Anyone notice that Michelle C-Squared has been gradually dolling up for the inevitable Dow 11,000? Hate to sound like a broken record, but it appears that each day we have another round of breakouts in the retail and REIT sector, as if fund managers are giddy at the prospect of Michelle losing a few buttons on her blouse on Monday.
Another horrific reversal of the "risk-on" / "risk-off" trade today, as investors were spooked over the possible financial implosion of Greece. And in today's "mouseclick" world, hedge fund managers hit the "eject" button and sold anything and everything related to emerging markets and piled into safety assets.
Following the empirical evidence that banks share price moves are outstripping their fundamental performance, I have decided to run the same analysis with REITs that have beat the S&P 500.
I don't know if it has been officially declared here or not, so I will say it explicitly. Since Wall Street DOES NOT charge for their research, it is essentially a loss leader for sales. We all know this, yet we pretend that it does not happen. Well, it does. It's pervasive. It's explicit. It's now! The goal of Wall Street research is not to enrich the retail or institutional brokerage client, but to pave the way for the underwriting, sales and trading departments. Go ahead. Prove me wrong. I dare 'ya.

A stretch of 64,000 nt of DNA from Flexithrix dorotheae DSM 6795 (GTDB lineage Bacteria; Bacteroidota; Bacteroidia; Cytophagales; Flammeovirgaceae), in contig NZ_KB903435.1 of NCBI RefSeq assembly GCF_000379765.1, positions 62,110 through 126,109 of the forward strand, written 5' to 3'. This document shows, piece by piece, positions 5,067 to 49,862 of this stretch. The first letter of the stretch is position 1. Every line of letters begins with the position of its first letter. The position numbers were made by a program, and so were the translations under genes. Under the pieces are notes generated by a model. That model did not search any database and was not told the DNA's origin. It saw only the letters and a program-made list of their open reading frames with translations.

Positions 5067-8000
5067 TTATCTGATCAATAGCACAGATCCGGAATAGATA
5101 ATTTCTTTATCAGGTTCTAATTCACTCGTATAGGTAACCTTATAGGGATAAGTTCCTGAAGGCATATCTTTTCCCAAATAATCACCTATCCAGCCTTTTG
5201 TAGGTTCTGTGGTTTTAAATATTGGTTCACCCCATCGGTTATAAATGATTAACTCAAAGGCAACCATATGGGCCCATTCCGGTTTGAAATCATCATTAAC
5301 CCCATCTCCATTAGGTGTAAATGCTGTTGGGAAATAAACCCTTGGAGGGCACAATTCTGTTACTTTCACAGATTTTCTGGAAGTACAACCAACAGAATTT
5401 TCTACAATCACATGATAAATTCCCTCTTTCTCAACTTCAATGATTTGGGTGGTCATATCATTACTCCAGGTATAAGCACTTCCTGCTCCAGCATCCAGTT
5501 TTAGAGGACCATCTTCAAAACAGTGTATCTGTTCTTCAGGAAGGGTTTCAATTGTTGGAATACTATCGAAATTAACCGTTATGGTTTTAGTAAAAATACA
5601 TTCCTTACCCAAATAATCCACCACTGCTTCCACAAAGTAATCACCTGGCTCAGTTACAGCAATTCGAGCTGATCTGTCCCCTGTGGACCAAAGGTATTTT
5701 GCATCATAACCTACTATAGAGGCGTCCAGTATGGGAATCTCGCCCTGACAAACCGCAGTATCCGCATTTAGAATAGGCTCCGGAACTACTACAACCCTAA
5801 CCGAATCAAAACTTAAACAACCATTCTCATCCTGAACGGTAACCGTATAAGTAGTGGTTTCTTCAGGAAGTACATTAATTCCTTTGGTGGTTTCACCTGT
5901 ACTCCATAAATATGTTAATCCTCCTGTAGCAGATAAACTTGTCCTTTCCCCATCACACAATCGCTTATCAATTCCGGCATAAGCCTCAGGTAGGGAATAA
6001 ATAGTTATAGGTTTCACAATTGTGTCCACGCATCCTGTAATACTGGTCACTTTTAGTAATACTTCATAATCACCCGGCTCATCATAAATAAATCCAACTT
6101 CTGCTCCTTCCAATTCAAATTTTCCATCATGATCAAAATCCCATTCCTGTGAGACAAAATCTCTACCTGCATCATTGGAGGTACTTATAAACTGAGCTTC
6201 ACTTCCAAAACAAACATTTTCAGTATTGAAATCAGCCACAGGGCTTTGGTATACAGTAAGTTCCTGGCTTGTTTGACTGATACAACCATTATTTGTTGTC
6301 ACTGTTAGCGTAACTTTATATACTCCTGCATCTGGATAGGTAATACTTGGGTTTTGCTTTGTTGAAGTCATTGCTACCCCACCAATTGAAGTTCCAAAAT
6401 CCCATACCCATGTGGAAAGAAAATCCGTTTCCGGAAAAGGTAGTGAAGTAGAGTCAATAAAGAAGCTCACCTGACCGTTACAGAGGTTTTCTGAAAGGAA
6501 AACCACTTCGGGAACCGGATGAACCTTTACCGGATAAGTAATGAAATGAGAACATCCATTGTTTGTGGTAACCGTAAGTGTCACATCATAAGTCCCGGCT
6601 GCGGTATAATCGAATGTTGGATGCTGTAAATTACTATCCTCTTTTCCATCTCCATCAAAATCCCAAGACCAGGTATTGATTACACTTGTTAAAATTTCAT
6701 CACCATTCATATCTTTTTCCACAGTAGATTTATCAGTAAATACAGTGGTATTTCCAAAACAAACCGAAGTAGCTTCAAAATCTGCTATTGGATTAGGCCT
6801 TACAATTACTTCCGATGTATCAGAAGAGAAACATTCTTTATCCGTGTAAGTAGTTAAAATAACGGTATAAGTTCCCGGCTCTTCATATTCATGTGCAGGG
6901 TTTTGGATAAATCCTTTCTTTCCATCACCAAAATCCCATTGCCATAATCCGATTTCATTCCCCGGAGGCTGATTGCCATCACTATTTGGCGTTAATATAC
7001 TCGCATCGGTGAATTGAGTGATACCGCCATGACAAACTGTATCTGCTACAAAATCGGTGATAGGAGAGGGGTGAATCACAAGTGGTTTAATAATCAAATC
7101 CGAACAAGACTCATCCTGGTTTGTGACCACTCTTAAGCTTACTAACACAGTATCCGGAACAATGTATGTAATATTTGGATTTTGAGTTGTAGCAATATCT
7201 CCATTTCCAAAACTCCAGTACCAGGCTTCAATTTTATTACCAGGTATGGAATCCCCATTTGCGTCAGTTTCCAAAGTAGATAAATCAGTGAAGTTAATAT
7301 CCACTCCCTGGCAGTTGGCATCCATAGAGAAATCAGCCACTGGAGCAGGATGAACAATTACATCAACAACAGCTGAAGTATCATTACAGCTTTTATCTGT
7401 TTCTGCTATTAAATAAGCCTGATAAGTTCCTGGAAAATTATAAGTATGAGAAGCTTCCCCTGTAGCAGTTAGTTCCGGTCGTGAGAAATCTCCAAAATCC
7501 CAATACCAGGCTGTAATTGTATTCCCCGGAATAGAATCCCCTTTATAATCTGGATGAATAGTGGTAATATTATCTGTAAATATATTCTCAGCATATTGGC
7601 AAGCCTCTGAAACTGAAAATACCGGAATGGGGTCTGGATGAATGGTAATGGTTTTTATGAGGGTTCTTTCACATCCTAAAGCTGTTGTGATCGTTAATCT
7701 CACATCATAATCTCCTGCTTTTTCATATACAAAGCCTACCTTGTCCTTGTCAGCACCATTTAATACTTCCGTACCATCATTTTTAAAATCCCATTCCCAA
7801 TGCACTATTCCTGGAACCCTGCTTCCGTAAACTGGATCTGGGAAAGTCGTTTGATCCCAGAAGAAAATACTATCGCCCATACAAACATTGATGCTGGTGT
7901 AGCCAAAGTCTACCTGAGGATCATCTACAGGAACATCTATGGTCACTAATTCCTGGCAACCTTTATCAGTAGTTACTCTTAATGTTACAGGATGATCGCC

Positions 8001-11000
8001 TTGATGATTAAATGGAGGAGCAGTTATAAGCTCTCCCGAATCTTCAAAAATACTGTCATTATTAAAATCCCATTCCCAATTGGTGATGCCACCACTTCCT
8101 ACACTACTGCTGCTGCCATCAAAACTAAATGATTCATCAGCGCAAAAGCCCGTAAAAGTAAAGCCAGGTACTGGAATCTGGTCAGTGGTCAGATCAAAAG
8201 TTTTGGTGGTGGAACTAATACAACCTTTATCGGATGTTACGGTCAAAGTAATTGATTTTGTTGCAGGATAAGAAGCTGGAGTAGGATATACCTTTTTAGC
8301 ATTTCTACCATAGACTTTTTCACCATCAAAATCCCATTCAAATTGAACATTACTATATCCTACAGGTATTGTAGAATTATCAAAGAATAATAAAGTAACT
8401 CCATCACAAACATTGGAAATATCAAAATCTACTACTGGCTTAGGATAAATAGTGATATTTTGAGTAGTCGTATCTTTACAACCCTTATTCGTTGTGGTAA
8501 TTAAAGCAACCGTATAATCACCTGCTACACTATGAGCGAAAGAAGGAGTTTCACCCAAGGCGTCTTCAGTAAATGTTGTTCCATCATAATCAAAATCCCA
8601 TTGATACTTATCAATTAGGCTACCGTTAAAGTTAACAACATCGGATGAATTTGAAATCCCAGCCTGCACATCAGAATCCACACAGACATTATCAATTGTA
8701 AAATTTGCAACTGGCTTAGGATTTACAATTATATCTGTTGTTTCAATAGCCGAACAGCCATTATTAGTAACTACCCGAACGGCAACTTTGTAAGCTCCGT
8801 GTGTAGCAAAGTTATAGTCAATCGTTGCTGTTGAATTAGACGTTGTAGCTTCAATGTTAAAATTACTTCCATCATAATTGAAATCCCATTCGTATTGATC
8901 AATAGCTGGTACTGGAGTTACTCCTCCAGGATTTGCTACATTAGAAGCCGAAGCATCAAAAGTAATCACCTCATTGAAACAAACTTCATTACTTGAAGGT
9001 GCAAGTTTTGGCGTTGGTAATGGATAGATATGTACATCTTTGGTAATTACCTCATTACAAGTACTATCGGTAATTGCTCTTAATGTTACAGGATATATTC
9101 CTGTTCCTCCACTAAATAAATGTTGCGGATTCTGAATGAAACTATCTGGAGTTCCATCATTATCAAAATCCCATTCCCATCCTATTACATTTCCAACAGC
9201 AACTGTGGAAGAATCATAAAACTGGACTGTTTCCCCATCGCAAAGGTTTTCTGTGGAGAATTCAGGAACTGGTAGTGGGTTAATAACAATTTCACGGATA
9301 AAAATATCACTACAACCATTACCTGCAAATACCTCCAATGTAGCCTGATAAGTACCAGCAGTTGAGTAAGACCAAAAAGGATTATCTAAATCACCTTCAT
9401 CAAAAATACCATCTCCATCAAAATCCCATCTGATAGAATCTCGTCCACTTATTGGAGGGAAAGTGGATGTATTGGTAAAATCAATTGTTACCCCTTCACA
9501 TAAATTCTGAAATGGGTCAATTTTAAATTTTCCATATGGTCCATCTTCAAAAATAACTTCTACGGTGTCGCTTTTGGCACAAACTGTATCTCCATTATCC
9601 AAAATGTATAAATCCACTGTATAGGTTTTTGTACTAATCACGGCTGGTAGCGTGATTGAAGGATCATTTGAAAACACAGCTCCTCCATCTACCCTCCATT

The recent bear rally has driven most of the solvent, semi-solvent and absolutely insolvent CRE stocks up, quite a few approaching 100%, while their macro outlook has deteriorated significantly, along with their fundamentals. Quite a few have actually acted in cahoots with the banks that held their increasingly worthless debt, having issued secondary offerings basically converting the bank holdings of debt that didn't have an icicles chance in the hottest portion of Hell of getting repaid, into worthless toilet paper, heretofore marketed as stock certificates. They have also begun offering this used toilet paper as dividends. If this isn't the sector screaming for me to come back and short it, I don't know what is.
"The amateur investor is going to get hit badly again because they're pouring money into these funds. Some of these funds managers I do not think are experienced enough to handle some of the distressed stuff they're buying and they're going to get burned." - Carl Icahn
It is sad that modern capital markets have gotten to a point when neither fundamental nor technical analysis matters. The only question is how many dollars with the Federal Reserve print tomorrow and how higher will that push stocks. For those deluded amongst you who still believe 10,000x EV/EBITDA is marginally to quite-marginally rich, and don't feel like chasing trends and passing the hot potato to the latest Down syndrome afflicted E-Trade client, here are some observations on arguably the most overbought (by a metric mile) sector, REITs, courtesy of masters of the (metric) universe, Goldman Sachs.
"Many of the issues that are cropping up in the ongoing wave of REIT and real estate restructurings
and bankruptcies are novel, and many of the issues that arise in bankruptcy in the